Castle Peak grand opening draws hundreds |

Castle Peak grand opening draws hundreds

Eagle County Commissioner Kathy Chandler-Henry mans the scissors and Dr. Tom Steinberg holds the ribbon during Thursday's grand opening ceremony for the Castle Peak Senior Care facility.
Pam Boyd/ |

EAGLE — A crowd numbering in the hundreds witnessed an event that has been decades in the making when the grand opening ribbon fell to the ground in front of the new Castle Peak, a senior care facility.

Fittingly, longtime local physician Tom Steinberg was called into service for this bit of surgery. The health center part of the new facility bears his name.

As she enjoyed appetizers prepared by Castle Peak chef Marty Topor, former Eagle County Commissioner Johnnette Phillips recalled how back in 1972, she participated in the first committee formed by the county to study the possibility of bringing senior care to the valley. She served on several other committees that shared that mission through the years.

Former Commissioner Don Welch was also in attendance at Thursday’s event. He served on the board when the county worked on the Golden Eagle Apartments project.

“We didn’t have this vision back then, but it’s great that someone did,” said Welch.

Another former commissioner, Jon Stavney, recalled how the county stepped up in 2009-’10 to purchase the Eagle Ranch site where the center is located, and also formed the partnership with Augustana Care to actually build the facility.

“The project kind of went cold for awhile and it took some heavy lifting to get it going again,” Stavney said.

The Castle Peak facility sits at the T-intersection of Capitol Street and Sylvan Lake Road. There are seniors now residing in the assisted living wing as the facility prepares to amp up its skilled nursing and rehabilitation services.

Augustana Care, a Minnesota-based nonprofit organization that owns and manages 23 senior care projects, brought Eagle County its first residential project dedicated to senior care. The facility’s five-acre site is located immediately north of Brush Creek Elementary School. The 62,000-square-foot building includes 22 skilled nursing beds, 20 assisted living apartments, 12 memory care beds and 10 transitional care units.

This week’s grand opening was a celebration of years of talking, followed by years of planning. And with the exception of a single drive-by heckler, the evening was a festive affair where locals toured the center, spoke with the staff and expressed how impressed they were with the final product.


Tim Tucker, president and CEO of Augustana Care, welcomed the crowd during the presentation part of the evening.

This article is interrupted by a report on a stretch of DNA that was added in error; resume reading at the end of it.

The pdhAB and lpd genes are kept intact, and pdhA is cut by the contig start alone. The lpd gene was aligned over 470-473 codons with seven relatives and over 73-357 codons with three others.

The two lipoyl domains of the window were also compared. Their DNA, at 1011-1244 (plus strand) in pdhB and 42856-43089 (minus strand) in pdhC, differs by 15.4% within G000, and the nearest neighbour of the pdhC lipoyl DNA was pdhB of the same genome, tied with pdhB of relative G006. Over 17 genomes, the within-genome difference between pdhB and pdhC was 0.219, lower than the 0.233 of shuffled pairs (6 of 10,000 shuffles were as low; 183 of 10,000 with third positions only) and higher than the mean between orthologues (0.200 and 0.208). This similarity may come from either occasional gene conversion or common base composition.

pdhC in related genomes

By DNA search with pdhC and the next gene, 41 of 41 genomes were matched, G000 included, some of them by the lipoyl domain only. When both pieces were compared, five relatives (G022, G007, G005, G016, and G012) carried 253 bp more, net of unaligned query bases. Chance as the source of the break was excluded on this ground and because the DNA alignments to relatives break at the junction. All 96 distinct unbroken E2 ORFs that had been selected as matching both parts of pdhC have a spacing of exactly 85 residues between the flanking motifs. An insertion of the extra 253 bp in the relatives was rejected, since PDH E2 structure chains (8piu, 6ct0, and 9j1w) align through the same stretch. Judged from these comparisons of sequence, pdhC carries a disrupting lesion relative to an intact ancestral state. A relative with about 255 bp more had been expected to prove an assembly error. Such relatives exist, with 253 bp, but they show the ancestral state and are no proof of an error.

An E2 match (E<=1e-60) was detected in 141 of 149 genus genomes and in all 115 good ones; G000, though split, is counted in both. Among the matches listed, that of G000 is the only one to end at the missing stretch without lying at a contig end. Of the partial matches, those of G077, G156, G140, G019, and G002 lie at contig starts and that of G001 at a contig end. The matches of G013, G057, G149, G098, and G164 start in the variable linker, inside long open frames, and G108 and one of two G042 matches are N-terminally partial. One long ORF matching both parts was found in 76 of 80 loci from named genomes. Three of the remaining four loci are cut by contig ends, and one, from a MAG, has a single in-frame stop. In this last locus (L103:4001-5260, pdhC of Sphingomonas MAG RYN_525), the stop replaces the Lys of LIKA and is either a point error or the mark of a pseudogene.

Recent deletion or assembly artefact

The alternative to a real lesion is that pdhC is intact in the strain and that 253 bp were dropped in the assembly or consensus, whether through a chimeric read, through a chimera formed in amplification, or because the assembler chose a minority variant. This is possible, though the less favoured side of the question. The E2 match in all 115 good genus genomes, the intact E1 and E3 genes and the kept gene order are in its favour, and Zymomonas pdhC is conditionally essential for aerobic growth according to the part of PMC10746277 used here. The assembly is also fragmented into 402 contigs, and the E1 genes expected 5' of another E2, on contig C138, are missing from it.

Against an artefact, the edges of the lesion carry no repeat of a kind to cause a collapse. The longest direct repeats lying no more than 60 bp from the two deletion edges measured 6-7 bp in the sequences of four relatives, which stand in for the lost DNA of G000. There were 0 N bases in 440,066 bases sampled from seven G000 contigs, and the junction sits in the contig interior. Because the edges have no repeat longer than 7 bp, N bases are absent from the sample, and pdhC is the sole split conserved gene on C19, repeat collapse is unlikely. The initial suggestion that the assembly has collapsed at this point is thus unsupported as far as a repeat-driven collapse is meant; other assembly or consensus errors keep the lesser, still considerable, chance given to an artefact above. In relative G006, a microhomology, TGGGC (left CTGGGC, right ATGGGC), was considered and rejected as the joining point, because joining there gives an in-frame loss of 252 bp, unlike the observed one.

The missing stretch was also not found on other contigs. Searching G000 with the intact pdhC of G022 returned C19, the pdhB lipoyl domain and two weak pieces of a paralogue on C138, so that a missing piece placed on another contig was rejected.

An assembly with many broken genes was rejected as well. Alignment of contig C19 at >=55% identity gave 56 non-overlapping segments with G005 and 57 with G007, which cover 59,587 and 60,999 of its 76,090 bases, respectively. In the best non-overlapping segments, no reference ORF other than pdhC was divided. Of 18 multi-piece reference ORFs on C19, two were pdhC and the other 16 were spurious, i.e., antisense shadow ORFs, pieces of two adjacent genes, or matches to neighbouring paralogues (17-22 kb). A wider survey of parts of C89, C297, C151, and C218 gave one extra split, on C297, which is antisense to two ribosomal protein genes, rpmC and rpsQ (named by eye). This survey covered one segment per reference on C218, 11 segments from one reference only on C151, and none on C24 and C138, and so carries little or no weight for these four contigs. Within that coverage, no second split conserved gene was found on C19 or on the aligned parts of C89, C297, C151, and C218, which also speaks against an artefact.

“I don’t think there exists a finer example of a public/private partnership than this facility,” said Tucker.

From financing from the U.S. Department of Agriculture Office of Rural Development to the involvement of Alpine Bank, Tucker said many interests pulled together to make the project a reality.

Noah Koerper, of Sen. Michael Bennet’s staff, read a note from the senator emphasizing that point. Bennet’s statement called the Castle Peak project “collaborative, problem-solving at its best.”

David Carter, of the U.S. Department of Agriculture, is the former housing director for Eagle County. He noted that in his new role, he oversees many rural development projects, but he felt a personal investment in Castle Peak so he enjoyed dropping by to check on the progress of the facility.

Private funds

Merv Lapin, of Vail, chaired the private fundraising effort for Castle Peak.

“Don’t we have a lot to be proud of,” said Lapin during the grand opening remarks. “I have never had such an easy time raising $5 million. The committee did it in just nine months.”

Lapin said it took some 30 years to get the facility off the ground, but he predicted its success will happen much sooner than expected.

“The original prediction is it will take three years to fill this. I don’t think we will have to wait three years,” Lapin said.

Familiar faces are already popping up at Castle Peak. Lapin noted the first CPA he employed when he moved to Eagle County was Chuck Taylor. Taylor and his wife Pearl are the facility’s first residents.

Chuck Taylor noted he moved to the valley in 1966 and he and Pearl didn’t want to leave when retirement loomed.

“Why look for someplace else to retire when we live in the best place in the world,” he said.

Until recently the couple maintained their Wildridge home, but as they hit their 90s, living independently was becoming a challenge. Castle Peak was a perfect solution for the Taylors.

“It’s great here at 92,” said Chuck Taylor. “Pearl doesn’t have to cook any more or do the dishes.”

“All I can say is thank goodness they built this place. We are so happy to be here,” Chuck Taylor added.

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